Now Reading
Pytorch Releases No-Code Configuration Based Accelerator API “Stoke”

Pytorch Releases No-Code Configuration Based Accelerator API “Stoke”

Pytorch recently released its No-code configuration based accelerator API named Stoke. Developed by the Data Science Team, AI Center of Excellence at Fidelity Investments, Stoke is a lightweight wrapper that provides a simple declarative API for context switching between devices (e.g. CPU, GPU), distributed modes, mixed-precision, and other PyTorch ‘accelerator’ extensions. It places no restrictions on code structure/style for model architecture, training/inference loops, loss functions, optimizer algorithm, etc.

It simply ‘wraps’ existing PyTorch code to automatically handle the necessary underlying wiring for all of the supported ‘accelerators’. This allows switching from local full-precision CPU to mixed-precision distributed multi-GPU with optimizer state sharding by simply changing a few declarative flags. 

Stoke supports the following ‘accelerators’:

However, certain combinations of backends/functionality are not compatible with each other.

See Also
How Is Alteryx Advancing Data & Analytics Potential With Its Game-changing Resources

Image: PyTorch

The main benefits that Stoke provides over other traditional APIs are:

  • Declarative style API: declare the desired accelerator state(s) and let Stoke handle the rest
  • Wrapped API mirrors base PyTorch style model, loss, backward, and step calls
  • Automatic device placement of model(s) and data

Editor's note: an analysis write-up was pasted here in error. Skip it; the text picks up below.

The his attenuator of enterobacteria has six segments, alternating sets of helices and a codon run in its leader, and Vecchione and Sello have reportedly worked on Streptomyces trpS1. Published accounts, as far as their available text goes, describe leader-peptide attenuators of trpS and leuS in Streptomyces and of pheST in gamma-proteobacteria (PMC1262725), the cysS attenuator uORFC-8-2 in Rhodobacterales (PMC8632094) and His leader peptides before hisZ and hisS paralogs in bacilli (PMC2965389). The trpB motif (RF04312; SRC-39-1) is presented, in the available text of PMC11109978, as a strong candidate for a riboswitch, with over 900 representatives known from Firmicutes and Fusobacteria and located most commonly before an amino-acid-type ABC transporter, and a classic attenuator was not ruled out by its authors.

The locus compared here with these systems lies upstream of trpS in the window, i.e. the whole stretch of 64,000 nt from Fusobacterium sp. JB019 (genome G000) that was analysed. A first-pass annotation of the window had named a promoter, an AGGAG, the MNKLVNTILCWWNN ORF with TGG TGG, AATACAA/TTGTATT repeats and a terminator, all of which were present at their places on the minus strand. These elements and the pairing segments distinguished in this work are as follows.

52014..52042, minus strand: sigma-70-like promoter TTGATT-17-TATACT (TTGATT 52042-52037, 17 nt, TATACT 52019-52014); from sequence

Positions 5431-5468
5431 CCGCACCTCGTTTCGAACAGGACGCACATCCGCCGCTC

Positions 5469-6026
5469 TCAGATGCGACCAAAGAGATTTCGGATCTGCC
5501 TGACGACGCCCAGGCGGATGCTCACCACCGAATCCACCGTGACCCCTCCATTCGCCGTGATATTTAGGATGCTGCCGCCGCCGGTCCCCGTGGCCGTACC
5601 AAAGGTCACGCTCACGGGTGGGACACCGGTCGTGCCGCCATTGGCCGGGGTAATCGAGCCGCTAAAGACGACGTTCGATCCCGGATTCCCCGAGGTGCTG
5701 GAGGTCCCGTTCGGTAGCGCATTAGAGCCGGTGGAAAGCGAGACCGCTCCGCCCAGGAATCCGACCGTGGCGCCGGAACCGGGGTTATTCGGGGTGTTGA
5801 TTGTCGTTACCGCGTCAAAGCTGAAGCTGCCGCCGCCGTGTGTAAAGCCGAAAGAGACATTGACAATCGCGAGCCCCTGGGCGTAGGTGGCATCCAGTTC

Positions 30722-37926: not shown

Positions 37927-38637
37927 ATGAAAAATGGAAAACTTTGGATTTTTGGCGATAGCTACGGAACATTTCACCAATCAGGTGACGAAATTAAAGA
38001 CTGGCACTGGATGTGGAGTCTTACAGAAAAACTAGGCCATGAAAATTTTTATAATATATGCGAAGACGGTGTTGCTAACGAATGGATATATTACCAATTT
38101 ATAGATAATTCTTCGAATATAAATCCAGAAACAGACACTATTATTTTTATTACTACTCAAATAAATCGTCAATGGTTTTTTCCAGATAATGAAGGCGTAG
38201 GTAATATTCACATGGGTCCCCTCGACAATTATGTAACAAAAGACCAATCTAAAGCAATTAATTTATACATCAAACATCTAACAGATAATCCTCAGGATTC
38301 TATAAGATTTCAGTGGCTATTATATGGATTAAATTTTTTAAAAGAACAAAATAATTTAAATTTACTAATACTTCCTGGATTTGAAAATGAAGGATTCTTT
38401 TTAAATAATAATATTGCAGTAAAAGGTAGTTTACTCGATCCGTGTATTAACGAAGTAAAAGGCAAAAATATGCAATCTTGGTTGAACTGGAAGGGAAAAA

• Universal interface for saving and loading regardless of the backend(s) or device(s)
  • Automatic handling of gradient accumulation and clipping
  • Common attrs interface for all backend configuration parameters (with helpful docstrings!)
  • A few extra(s) — Custom torch.utils.data.distributed.Sampler: BucketedDistributedSampler, which buckets data by a sorted index and then randomly samples from the specific bucket(s) to prevent situations like grossly mismatched sequence length leading to wasted computational overhead (i.e., excess padding). Helper methods for printing synced losses, device-specific print, number of model parameters, etc.

Stoke has now been released as an open-source tool for the ML community to use. The team says the development will continue in the open-source domain. Continued support for any cutting-edge PyTorch based ‘accelerator’ functionality will be released in the open-source domain (e.g., the recent support for Full Model Sharding incorporated into Fairscale).

What Do You Think?

Subscribe to our Newsletter

Get the latest updates and relevant offers by sharing your email.
Join our Telegram Group. Be part of an engaging community

Copyright Analytics India Magazine Pvt Ltd

Scroll To Top